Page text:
The old man worked his way methodically through the meadow, his long cloak brushing through the tall summer grasses. It was almost dusk and he still had a lot of work to do before the Solstice was over. On this, the longest day, he had been up before dawn setting out his traps along the ley line than from the ancient gnarled oak and down the hill towards the brook. It was a pattern he had repeated twice each year for longer than he could remember. It had been well over a hundred and fifty times by his reckoning. Although the summer had always been easier than the winter, these last few years were really taking their toll on him. His joints ached but he would soon be finished. He recalled how, all those years ago, as a young boy, he had bounded through the fields, full of enthusiasm as he had learned his trade from his predecessor. How he had been scolded and told to slow down and feel the rods to make sure they were placed perfectly and had done their deed.
He had thought the tradition would continue forever, and be passed down for generations to come, but he was wrong. First, the Great War had taken so many from the village and then the revolution that brought technology had relegated so many of the old ways to mere folklore. He was truly amazed at the speed of the change. He had no apprentice, and over the last few years he had resigned himself to being the last Collector.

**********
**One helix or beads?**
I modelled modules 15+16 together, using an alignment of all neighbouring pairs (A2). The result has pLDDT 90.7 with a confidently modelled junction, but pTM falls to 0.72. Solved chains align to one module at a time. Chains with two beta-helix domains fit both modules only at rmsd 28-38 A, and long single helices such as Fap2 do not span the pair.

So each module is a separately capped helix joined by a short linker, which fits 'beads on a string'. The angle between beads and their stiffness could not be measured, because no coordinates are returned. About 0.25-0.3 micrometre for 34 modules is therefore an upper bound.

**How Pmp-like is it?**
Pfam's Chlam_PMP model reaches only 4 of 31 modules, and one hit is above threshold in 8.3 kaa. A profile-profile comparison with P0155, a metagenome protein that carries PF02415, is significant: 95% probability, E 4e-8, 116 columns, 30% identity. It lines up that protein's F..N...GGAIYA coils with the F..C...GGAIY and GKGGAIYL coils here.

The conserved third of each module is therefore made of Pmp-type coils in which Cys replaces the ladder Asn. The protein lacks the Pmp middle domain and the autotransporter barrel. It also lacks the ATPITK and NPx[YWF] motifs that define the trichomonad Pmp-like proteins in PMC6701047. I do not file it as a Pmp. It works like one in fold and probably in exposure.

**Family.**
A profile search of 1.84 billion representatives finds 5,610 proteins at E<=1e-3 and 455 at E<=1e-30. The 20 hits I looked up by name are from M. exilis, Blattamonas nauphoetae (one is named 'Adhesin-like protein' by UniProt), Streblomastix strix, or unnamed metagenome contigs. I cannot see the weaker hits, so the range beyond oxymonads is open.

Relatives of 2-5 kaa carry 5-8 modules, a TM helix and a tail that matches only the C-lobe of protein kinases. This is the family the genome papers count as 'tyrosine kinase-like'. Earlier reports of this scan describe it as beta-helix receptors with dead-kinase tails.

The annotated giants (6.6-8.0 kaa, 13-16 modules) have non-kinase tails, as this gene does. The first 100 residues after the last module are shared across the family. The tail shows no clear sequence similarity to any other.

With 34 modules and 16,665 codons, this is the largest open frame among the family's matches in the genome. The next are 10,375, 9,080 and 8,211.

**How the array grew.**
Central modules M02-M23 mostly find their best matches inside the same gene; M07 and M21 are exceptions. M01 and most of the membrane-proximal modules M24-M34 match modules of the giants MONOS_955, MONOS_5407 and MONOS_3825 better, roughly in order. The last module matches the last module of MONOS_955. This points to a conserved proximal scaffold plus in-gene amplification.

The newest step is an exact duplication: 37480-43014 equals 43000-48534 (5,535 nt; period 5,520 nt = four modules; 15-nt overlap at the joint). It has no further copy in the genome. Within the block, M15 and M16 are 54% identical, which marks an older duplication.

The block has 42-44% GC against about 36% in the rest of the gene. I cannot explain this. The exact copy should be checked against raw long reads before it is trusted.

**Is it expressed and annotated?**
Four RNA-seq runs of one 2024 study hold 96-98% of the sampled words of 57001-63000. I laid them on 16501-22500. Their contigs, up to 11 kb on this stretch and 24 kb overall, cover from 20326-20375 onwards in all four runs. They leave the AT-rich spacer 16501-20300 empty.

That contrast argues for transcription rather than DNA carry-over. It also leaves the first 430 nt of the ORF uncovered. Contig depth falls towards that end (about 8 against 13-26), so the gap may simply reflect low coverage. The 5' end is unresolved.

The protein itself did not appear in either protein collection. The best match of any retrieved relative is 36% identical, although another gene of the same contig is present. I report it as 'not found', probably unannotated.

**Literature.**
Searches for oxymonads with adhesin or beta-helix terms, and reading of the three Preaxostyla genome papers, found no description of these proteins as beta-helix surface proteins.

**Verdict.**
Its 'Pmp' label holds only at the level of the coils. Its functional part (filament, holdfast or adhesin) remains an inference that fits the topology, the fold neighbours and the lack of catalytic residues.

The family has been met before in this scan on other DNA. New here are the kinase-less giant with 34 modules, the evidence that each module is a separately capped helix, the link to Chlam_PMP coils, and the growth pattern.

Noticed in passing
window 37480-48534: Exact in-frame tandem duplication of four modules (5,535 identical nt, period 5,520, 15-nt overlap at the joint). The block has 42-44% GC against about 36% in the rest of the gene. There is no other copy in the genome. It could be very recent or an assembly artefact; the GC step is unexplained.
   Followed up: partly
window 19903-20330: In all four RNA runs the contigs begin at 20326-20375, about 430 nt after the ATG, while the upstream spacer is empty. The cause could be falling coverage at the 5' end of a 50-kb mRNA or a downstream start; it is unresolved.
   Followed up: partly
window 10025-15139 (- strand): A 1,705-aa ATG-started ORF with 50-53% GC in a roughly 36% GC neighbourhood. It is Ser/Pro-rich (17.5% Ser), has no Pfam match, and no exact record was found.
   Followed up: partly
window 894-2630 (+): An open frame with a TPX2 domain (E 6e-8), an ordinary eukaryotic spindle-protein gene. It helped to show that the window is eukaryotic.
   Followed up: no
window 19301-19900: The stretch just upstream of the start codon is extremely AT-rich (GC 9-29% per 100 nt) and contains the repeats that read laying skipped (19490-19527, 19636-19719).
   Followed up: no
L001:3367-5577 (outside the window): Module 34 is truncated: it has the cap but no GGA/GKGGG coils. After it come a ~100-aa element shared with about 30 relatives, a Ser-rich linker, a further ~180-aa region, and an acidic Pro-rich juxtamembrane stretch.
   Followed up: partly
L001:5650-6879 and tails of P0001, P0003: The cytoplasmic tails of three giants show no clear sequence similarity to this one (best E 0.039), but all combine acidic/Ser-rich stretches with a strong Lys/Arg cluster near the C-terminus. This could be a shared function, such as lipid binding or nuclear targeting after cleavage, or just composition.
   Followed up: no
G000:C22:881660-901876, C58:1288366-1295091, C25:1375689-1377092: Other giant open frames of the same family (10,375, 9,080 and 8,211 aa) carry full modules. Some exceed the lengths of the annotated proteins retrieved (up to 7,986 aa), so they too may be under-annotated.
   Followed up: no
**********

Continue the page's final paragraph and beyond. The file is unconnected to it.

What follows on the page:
As he reached the final rod he carefully unfastened the iron jar from his belt, traced his forefinger over the runes on the lid and removed it. With a clockwise twisting motion he extracted the iron rod from the ground and gently tilted the hoop over the mouth of the jar with practiced, steady hands. He muttered his short incantation and gently tapped the hoop, watching as the sunbeams slowly, almost reluctantly, drifted into the jar. Replacing the lid, he added the final rod to the quiver on his back and turned to watch the sunset.
This had been another good harvest.
© 2016, Richard Reeve